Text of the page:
ANSWERS: 1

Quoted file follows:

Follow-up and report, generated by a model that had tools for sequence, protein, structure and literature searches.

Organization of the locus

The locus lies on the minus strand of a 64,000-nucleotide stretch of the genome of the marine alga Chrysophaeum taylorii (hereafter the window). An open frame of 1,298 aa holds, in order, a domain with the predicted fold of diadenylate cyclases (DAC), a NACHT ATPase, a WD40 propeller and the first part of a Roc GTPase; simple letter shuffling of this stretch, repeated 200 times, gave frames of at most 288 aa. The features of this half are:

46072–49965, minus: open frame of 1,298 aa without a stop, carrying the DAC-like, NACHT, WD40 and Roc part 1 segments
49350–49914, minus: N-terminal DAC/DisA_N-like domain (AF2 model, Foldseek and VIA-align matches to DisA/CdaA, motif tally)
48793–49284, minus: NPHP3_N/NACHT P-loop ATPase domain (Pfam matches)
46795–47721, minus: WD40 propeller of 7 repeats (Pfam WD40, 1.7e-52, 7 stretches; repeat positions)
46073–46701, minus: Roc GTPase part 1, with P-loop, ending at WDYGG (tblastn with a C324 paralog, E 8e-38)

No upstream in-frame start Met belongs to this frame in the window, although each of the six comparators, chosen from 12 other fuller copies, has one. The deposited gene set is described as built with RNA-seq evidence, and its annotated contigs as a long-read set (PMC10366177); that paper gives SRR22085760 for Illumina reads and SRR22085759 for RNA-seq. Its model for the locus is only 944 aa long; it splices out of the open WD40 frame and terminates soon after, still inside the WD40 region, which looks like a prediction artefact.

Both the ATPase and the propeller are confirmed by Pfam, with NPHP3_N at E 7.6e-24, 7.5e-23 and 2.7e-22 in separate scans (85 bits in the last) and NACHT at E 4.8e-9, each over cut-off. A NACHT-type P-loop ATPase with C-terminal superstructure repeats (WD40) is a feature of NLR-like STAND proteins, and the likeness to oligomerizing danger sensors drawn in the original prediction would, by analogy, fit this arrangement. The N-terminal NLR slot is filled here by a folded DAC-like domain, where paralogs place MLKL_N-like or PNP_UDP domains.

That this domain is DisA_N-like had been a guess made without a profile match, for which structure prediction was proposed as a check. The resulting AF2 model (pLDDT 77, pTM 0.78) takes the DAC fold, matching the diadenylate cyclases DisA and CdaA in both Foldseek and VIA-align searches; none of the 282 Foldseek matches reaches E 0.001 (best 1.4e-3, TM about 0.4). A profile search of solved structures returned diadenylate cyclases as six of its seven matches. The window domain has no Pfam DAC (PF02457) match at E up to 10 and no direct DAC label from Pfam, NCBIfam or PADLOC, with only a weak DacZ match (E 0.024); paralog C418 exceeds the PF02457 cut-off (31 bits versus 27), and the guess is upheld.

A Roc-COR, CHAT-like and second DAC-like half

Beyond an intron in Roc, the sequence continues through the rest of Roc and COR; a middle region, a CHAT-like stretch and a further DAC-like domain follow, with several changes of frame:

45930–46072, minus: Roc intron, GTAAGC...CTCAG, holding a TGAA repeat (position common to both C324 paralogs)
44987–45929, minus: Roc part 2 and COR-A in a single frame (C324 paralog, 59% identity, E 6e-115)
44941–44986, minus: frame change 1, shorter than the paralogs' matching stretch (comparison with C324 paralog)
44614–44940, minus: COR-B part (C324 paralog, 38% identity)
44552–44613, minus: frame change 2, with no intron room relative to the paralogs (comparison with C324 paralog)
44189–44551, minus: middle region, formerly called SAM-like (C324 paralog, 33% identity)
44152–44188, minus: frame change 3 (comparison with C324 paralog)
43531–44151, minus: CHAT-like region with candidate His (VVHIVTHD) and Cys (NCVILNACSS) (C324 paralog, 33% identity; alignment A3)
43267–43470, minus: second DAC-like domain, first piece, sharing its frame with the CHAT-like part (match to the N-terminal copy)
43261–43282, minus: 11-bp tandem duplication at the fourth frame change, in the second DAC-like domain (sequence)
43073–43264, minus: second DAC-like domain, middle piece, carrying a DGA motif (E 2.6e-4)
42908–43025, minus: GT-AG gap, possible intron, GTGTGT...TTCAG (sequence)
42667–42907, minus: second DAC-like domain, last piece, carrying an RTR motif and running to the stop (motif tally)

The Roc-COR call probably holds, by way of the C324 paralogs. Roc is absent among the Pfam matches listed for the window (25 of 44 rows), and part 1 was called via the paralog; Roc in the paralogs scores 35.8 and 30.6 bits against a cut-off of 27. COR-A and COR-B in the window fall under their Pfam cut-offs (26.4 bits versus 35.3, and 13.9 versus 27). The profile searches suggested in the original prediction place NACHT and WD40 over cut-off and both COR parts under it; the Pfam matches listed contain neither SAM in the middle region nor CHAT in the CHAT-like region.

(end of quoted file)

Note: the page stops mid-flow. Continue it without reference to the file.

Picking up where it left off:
• shank's mare" has its origins in 18th century Scotland, where the phrases "to shank" or "to shank it" (derived from the shank of the leg) meant "to go by foot." The verb "shank" then developed into "shank's naig" (shank's nag -- a reference to a horse) and later into "shank's mare". This extension seems to have been based on a joke: "I don't have a horse for the journey, so I will go by Shank's mare -- i.e. my own feet."

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